Is poutine Canada’s national food? Two arguments for, two against
When legendary U.S. journalist and food writer Calvin Trillin finally got around to trying poutine last year, he deemed it “surprisingly inoffensive” in an article for the New Yorker. That would adequately describe last night’s 11th annual Leacock Debate—which was to decide whether poutine should become Canada’s national dish—unless any ardent fans were to take umbrage with the oft-repeated breakdown of poutine’s essentially disgusting-delicious ingredients.
The debate itself, moderated by Trillin, had much in common with the Québécois staple. It was purely for entertainment, had no nourishing substance and was basically gravy to go along with dinner co-prepared by Anthony Walsh of Canoe. Here, a breakdown of the arguments for and against:
PRO: Proponents argued the importance of poutine in Canadian history, with CBC’s Carol Off claiming that General Wolfe’s victory on the Plains of Abraham was inspired by his triumphant, morale-boosting shout after overcoming constipation from a curious new food, “a thick and sticky mass of starch and protein.”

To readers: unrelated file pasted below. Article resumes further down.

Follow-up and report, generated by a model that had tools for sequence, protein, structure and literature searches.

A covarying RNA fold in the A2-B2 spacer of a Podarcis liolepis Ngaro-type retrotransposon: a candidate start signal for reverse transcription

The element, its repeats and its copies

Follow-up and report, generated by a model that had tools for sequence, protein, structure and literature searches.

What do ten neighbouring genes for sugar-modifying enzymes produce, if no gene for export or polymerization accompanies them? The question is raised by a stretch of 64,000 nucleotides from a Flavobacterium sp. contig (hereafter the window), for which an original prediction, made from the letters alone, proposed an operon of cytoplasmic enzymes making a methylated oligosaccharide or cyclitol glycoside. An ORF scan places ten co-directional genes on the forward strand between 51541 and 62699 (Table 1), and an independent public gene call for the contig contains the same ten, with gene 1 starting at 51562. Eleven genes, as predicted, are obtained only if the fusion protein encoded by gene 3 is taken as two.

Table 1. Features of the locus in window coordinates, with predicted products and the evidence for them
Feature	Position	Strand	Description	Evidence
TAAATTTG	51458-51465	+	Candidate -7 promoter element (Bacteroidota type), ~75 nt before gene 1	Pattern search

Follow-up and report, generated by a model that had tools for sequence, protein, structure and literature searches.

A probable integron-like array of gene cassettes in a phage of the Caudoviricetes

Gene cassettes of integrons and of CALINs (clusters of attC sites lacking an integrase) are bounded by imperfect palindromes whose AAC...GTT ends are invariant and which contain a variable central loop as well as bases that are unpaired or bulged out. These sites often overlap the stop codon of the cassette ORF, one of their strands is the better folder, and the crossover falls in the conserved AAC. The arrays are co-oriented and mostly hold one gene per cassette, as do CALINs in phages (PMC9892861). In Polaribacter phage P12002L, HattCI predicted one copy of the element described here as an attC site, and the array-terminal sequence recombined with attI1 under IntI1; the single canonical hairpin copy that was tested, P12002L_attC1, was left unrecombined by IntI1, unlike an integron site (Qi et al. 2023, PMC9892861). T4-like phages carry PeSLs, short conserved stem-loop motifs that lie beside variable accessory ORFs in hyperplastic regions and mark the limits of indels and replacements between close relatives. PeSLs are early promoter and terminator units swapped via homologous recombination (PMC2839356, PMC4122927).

CON: Bob Ramsay invited anyone in the audience who had consumed poutine within the past week to stand up. Nobody in this crowd had recently needed to recover from a night of over-indulgence at Muzik.
PRO: Had we taken poutine more seriously, jested lawyer William McDowell, the whole Jaffergate scandal could have been avoided (a walk to the poutine truck would have cleared Jaffer’s head, while the dense meal would have soaked up the “demon rum”).
CON: Author Andrew Pyper argued that we have no right to claim poutine as our own: “There’s nothing Canadian about french fries.”
While those opposed eked out a slight victory, poutine actually has little competition for the national dish title. Canadian bacon is more of a side dish, maple syrup isn’t really a meal, and Timbits are just doughnut holes. That basically leaves us to choose between poutine and seal heart.